Governor Nixon has become the embodiment of an observation attributed to Abraham Lincoln:
The best way to get a bad law repealed is to enforce it strictly.
The Republican Party sent word around the other day that on the day Governor Nixon called for reinstating campaign contribution limits he had gotten a $10,000 donation from a company that has received $42 million from the state in recent years. The company is Worldwide Technologies, which provides computer services to state government. That contract comes up for renewal at the end of this short month. The company’s president was the speaker at the Governor’s Prayer Breakfast the day after the legislature began this year’s session.
Allegations of “pay to play” are not uncommon at the Capitol. Republicans have accused the Nixon administration of swapping appointments or arranging state contracts in return for political support. Democrats did the same thing when Matt Blunt was the Governor.
Worldwide Technologies has told the Associated Press the money was intended to help pay for some inauguration expenses, most of which we were told were paid for with leftover Nixon gubernatorial campaign funds.
Republicans in the legislature are the ones who created the present campaign donation system of unlimited donations and loopholes that allow big bucks donors to hide their identities if they want to. But the rules don’t apply only to Republicans. Democrats can play by the same rules, and have. If the choice is between playing by rules you don’t like or getting clobbered because you take a nobler approach, most competitors will play by rules they don’t like. And politics is high-stakes no-holds-barred competition.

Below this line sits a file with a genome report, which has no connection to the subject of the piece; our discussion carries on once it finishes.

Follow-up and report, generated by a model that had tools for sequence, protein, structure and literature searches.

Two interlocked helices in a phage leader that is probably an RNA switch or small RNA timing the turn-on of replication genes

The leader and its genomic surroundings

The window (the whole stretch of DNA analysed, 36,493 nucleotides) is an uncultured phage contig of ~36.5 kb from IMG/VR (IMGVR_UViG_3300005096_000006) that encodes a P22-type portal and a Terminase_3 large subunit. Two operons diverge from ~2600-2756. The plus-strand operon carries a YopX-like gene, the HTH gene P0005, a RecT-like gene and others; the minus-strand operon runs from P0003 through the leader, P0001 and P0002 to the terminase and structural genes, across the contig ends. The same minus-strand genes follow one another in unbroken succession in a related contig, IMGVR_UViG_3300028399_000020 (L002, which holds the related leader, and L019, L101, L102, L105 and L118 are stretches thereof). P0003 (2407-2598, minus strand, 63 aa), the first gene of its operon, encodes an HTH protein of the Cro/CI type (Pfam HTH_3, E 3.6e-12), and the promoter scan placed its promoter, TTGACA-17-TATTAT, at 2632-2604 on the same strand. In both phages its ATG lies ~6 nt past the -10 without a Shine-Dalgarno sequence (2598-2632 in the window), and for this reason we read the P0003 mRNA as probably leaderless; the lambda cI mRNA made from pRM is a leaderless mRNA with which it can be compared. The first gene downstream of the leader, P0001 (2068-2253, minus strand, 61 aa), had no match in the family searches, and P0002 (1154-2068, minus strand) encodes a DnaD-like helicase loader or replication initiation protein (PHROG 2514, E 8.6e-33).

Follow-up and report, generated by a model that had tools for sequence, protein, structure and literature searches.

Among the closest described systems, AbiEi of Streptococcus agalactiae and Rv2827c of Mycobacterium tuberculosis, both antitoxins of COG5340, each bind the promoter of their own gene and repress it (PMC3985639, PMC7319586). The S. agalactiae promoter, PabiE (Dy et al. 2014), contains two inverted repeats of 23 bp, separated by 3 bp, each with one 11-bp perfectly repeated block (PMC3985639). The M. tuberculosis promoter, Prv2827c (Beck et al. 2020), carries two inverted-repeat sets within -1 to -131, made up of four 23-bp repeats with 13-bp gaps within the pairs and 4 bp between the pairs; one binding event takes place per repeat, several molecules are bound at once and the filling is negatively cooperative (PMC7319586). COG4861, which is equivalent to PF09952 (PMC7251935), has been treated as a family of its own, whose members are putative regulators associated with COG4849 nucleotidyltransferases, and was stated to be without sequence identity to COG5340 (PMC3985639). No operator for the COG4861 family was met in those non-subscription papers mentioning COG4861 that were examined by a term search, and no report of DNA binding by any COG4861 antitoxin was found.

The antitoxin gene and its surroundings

The Governor introduced several people during his speech, using them to put a face on some of the points he was making in advocating for his legislative package. Maybe he missed a golden opportunity by not introducing one more. Perhaps as he was addressing the need to reform campaign finance laws he should have said, “Earlier today, we received a $10,000 donation from World Wide Technologies. Company President David Steward is in the gallery tonight. Would you stand, David, so we can recognize the great example you have set for our deliberations of this important part of the democratic process?”
But because he didn’t do that, Nixon left the door open for some people to connect some dots and reach a conclusion that something is wrong. Now we will wait to see if the dot-connectors do something other than point fingers.
To paraphrase Lincoln, “The best way to get a bad law repealed is to use it to your advantage.”
By mid-May the Missourinet will have reported whether all of this amounts to anything.